Recent immigration related headlines informs us that the American tech industry has too many jobs and too few skilled workers. What is the tech industry's solution? Lobby congress for support of the Immigration Innovation Act, which would increase the number of H-1B temporary work visas.
The demand for H-1B visas to work in the U.S. is so high that the federal government announced it would use a lottery to award them. There is an annual cap of 65,000, plus another 20,000 visas for workers with a master’s degree or higher on these visas, which are awarded to foreign workers with theoretical or technical expertise in specialized fields, including scientists, engineers, and programmers. An additional caveat for awarding these visas is that the bearer of these visas, by law, must be paid the same as Americans doing the same work.
I know that in the scheme of things, the issuance of a seemingly paltry 85,000 temporary work visas seems small, even inconsequential, in the face of America's huge unemployment problem. But, the demand for H-1B visas, and the tech industries urgent congressional lobbying efforts, are evidence of a larger and more pernicious problem in America, dwindling access to necessary quality lower education and higher education.
Who's at fault for the destruction of the American public education system and more importantly for the dramatic reduction of state and federal programs to insure the nutrition, crucial to the learning process, of the poor children who populate our public school systems?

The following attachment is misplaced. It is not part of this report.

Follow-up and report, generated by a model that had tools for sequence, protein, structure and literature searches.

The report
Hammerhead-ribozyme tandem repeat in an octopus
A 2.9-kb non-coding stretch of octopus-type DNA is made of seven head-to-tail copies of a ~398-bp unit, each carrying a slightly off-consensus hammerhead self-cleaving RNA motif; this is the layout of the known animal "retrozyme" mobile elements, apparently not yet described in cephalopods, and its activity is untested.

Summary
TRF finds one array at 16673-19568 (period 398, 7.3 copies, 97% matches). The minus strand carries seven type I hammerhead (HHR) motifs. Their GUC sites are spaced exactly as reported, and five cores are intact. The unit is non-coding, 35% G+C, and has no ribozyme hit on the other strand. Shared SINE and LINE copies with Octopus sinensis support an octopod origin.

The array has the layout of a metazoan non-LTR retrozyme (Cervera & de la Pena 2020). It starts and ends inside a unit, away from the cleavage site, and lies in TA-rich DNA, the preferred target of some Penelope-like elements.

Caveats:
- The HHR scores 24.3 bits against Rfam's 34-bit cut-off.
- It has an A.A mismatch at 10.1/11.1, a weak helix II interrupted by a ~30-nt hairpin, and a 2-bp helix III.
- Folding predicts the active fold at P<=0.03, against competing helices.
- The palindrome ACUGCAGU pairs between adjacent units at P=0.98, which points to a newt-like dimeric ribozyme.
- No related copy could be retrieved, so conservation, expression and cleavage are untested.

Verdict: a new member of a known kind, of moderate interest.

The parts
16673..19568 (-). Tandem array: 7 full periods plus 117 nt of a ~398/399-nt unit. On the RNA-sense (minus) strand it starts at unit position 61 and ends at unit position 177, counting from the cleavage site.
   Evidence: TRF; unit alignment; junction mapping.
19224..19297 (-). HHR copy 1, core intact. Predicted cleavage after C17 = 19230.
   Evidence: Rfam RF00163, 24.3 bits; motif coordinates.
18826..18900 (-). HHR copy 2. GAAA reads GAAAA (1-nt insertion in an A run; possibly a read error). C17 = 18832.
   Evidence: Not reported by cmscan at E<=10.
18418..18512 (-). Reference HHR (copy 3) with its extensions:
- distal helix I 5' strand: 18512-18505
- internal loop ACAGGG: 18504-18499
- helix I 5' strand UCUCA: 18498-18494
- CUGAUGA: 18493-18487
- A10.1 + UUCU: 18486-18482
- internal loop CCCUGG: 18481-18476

When a corporation entertains a consideration moving to a state and municipality, it has likely indicated that such a move is contingent on tax breaks, which results in little or no increase in state or municipal revenue. Add to this the low income tax rate enjoyed by the corporation owners, CEO's, and investors, and an electorate intolerable of any tax increase to make up the resultant revenue shortfall. As a result, state and municipalities have cut a host of many necessary services like fire and police departments. But because fire and police are so important to the electorate, state and municipalities have directed much of the impact of revenue shortfalls to education.
Many of the same dynamics are play in pushing the prospects of a college education beyond most American families. The growing income inequality is fueled by flattened wages for workers, to accommodate exploding CEO pay. And, the cost of a college education is also increasing to levels many families simply can't afford.
So the shortage of skilled workers in America is a direct result of corporate tax breaks to, and lower income tax rates for, the same people who are complaining of a shortage of skilled workers in America. And their solution is to lobby for an increase in the number of H-1B temporary work visas. Where is the American outrage?